Cardiff University | Prifysgol Caerdydd ORCA
Online Research @ Cardiff 
WelshClear Cookie - decide language by browser settings

The dynamic interplay between sleep and mood: an intensive longitudinal study of individuals with bipolar disorder

Lewis, K., Tilling, K., Gordon-Smith, K., Saunders, K., Di Florio, A., Jones, L., Jones, I., O'Donovan, M. and Heron, J. 2022. The dynamic interplay between sleep and mood: an intensive longitudinal study of individuals with bipolar disorder. Psychological Medicine 10.1017/S0033291721005377

[thumbnail of the-dynamic-interplay-between-sleep-and-mood-an-intensive-longitudinal-study-of-individuals-with-bipolar-disorder.pdf]
Preview
PDF - Published Version
Available under License Creative Commons Attribution.

Download (574kB) | Preview

Abstract

Background Sleep disturbances are important symptoms to monitor in people with bipolar disorder (BD) but the precise longitudinal relationships between sleep and mood remain unclear. We aimed to examine associations between stable and dynamic aspects of sleep and mood in people with BD, and assess individual differences in the strength of these associations. Methods Participants (N = 649) with BD-I (N = 400) and BD-II (N = 249) provided weekly self-reports of insomnia, depression and (hypo)mania symptoms using the True Colours online monitoring tool for 21 months. Dynamic structural equation models were used to examine the interplay between weekly reports of insomnia and mood. The effects of clinical and demographic characteristics on associations were also assessed. Results Increased variability in insomnia symptoms was associated with increased mood variability. In the sample as a whole, we found strong evidence of bidirectional relationships between insomnia and depressive symptoms but only weak support for bidirectional relationships between insomnia and (hypo)manic symptoms. We found substantial variability between participants in the strength of prospective associations between insomnia and mood, which depended on age, gender, bipolar subtype, and a history of rapid cycling. Conclusions Our results highlight the importance of monitoring sleep in people with BD. However, researchers and clinicians investigating the association between sleep and mood should consider subgroup differences in this relationship. Advances in digital technology mean that intensive longitudinal data on sleep and mood are becoming increasingly available. Novel methods to analyse these data present an exciting opportunity for furthering our understanding of BD.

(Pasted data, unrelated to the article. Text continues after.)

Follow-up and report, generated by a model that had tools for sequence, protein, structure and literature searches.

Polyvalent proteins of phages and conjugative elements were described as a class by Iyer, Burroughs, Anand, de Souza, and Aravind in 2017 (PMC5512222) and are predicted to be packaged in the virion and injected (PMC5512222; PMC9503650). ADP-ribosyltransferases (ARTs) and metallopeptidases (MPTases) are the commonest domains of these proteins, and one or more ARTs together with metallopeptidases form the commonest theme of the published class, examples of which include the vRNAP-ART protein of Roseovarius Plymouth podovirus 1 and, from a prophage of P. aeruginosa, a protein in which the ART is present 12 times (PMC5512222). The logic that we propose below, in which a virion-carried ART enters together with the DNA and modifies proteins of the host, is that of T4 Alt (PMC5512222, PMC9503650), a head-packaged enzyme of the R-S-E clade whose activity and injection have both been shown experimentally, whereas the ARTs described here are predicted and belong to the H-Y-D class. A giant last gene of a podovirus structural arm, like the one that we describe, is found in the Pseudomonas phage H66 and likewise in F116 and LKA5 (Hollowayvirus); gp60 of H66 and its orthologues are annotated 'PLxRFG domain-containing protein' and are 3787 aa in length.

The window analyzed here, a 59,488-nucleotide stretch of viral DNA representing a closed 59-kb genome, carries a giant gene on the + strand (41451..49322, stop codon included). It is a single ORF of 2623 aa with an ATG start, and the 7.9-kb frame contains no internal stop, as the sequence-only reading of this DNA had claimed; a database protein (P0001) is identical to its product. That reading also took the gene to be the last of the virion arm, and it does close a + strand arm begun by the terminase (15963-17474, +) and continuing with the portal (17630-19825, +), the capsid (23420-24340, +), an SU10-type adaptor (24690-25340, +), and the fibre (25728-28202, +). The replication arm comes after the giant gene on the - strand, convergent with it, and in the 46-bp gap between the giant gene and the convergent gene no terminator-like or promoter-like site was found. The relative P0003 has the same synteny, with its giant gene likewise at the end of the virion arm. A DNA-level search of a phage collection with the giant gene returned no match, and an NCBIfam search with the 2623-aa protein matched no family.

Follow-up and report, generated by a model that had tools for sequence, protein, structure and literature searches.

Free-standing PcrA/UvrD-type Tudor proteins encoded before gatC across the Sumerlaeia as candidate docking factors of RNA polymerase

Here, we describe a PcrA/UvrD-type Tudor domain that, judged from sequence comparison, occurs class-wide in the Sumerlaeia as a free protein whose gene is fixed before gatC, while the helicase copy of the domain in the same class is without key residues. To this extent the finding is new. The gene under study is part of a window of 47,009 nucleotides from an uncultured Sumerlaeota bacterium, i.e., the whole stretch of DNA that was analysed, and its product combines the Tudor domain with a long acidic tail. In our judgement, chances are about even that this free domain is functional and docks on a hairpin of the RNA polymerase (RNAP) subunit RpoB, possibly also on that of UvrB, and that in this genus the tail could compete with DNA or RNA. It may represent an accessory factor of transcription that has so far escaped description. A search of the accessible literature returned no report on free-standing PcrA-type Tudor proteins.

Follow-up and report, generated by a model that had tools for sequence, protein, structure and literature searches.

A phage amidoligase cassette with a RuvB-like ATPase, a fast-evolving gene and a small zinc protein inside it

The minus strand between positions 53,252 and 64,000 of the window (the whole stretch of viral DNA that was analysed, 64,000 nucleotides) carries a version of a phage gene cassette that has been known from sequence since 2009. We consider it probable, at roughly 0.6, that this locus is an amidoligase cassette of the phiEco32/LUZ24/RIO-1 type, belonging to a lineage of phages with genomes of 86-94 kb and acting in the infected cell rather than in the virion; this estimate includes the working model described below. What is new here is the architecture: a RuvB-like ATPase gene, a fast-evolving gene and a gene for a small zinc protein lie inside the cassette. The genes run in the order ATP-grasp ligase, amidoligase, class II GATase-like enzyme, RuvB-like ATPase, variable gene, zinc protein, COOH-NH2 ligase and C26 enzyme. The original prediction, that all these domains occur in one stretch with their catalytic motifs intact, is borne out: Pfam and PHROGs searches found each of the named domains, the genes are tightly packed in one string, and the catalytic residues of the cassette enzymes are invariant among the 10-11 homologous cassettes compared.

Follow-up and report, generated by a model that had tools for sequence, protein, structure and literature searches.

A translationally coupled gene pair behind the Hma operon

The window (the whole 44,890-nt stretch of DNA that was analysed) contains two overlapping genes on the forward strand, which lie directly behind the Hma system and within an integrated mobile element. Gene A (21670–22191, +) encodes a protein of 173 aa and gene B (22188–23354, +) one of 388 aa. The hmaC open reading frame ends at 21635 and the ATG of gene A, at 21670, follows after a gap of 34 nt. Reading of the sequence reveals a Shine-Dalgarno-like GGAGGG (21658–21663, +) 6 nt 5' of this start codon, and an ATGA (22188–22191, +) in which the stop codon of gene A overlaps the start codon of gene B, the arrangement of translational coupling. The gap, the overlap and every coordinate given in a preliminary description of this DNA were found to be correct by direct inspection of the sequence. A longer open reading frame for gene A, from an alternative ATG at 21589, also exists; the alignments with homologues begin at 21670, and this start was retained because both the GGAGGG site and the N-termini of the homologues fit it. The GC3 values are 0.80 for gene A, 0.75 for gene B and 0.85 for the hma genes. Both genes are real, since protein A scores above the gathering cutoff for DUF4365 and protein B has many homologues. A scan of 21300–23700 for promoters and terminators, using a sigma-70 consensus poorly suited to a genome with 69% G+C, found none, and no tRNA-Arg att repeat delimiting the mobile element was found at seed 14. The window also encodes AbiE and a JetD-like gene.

Item Type: Article
Date Type: Published Online
Status: In Press
Schools: Medicine
MRC Centre for Neuropsychiatric Genetics and Genomics (CNGG)
Additional Information: This is an Open Access article, distributed under the terms of the Creative Commons Attribution licence (http://creativecommons.org/licenses/by/4.0/)
Publisher: Cambridge University Press
ISSN: 0033-2917
Date of First Compliant Deposit: 14 December 2021
Date of Acceptance: 13 December 2021
Last Modified: 12 May 2022 01:05
URI: https://orca.cardiff.ac.uk/id/eprint/146132

Actions (repository staff only)

Edit Item Edit Item

Downloads

Downloads per month over past year

View more statistics